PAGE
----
The recent "Third Lake tragedy" is terribly tragic and similar to another area boating-related drowning several days ago. The lure of a refreshing swim on a hot day is hard to resist; however, swimming off a boat has unique and often unforeseen dangers.
Often, healthy, young and strong swimmers jump in impulsively, but they need to assess the situation first. Rivers and even inland lakes frequently have changing currents not detectable from the boat.
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Windy conditions will often push a boat (especially a pontoon boat) quickly separating swimmers from their boat and safety. Both situations can make swimming to safety nearly impossible. Other boaters on busy waterways may not see or anticipate off-boat swimmers, resulting in the swimmers being struck.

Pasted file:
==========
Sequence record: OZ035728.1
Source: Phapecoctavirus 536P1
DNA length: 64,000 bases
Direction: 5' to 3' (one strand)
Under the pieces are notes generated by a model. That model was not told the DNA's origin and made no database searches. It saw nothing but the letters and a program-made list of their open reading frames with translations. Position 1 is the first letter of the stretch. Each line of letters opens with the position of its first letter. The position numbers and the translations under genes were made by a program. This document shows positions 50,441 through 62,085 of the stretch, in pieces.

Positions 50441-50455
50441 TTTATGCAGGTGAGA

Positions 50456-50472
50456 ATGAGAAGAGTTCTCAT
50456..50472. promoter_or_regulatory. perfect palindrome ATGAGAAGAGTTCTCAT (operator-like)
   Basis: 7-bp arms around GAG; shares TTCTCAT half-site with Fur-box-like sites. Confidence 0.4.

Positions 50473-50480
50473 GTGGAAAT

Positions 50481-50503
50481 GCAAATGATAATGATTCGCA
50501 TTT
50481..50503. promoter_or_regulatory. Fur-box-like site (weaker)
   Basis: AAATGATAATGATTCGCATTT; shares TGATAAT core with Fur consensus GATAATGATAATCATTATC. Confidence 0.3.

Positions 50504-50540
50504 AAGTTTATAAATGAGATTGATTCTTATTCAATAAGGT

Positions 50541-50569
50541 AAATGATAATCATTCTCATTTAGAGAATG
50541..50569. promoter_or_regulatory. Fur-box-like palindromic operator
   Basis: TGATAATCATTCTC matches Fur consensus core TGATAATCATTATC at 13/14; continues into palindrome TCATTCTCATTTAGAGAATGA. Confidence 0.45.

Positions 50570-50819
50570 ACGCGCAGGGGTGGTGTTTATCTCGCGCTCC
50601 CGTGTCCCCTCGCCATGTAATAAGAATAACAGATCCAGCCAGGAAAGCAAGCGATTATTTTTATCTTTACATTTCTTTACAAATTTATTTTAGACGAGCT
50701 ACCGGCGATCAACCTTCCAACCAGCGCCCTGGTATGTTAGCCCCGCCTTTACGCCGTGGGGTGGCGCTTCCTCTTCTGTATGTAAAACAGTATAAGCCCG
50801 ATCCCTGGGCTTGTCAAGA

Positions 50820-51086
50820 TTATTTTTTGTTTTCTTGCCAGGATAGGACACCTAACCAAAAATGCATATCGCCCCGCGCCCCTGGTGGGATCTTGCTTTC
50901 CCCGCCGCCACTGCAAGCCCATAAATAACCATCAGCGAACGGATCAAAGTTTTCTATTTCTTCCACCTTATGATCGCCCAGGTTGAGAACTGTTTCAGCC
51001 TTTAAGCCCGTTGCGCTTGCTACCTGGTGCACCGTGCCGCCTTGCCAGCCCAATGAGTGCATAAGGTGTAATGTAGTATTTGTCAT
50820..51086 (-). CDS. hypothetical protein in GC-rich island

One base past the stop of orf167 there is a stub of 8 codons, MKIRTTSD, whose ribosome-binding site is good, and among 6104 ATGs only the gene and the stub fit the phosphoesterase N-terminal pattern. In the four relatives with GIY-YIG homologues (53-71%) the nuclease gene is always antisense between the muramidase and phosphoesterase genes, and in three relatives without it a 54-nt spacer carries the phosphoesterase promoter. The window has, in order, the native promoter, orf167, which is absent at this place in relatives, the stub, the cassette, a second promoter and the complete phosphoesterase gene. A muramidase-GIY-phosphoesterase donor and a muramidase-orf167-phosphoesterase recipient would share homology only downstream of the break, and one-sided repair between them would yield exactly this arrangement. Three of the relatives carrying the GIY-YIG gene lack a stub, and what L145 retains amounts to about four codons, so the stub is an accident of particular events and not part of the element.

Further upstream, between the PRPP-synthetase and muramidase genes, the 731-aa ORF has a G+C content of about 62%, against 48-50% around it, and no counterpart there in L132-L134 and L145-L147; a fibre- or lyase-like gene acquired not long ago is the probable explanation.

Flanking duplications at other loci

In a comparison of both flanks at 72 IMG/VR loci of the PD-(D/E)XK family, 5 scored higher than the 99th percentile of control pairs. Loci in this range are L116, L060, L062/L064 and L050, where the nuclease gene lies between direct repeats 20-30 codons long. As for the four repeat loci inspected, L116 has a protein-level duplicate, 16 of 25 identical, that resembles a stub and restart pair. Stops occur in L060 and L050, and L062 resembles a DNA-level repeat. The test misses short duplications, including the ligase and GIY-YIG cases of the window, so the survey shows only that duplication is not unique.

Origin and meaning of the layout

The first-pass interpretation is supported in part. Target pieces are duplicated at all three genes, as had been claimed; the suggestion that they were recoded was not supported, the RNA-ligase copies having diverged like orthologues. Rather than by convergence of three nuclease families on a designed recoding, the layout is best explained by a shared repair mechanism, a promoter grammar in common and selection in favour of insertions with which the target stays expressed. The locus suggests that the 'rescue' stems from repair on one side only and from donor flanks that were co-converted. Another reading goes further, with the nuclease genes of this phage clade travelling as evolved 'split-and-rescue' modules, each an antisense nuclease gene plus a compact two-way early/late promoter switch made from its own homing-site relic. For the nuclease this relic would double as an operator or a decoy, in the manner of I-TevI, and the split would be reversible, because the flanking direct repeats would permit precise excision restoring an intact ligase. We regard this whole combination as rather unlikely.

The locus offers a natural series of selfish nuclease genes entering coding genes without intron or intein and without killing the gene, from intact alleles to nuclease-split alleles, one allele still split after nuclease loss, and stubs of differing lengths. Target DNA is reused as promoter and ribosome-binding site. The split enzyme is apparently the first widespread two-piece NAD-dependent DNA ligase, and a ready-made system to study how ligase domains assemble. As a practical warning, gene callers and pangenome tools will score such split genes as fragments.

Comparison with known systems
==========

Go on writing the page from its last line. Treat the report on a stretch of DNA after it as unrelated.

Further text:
Another little-known unseen danger for swimmers in marine areas is ESD (electrical shock drowning). Boats or marina equipment can leak electrical current into surrounding waters, electrocuting unsuspecting swimmers.
These tragedies are often simply classified as drownings but are easily preventable with properly installed ground fault technology.
In short, swimmers should always swim in safe-designated swim areas, swim with a swim buddy and have life jackets. A Coast Guard-approved life ring is a must, as is a "swimmer" spotter remaining on board. Swimmers and boaters, remember to assess the situation before impulsively jumping in.
Charles Nozicka, Medical Director
Advocate Condell Medical Center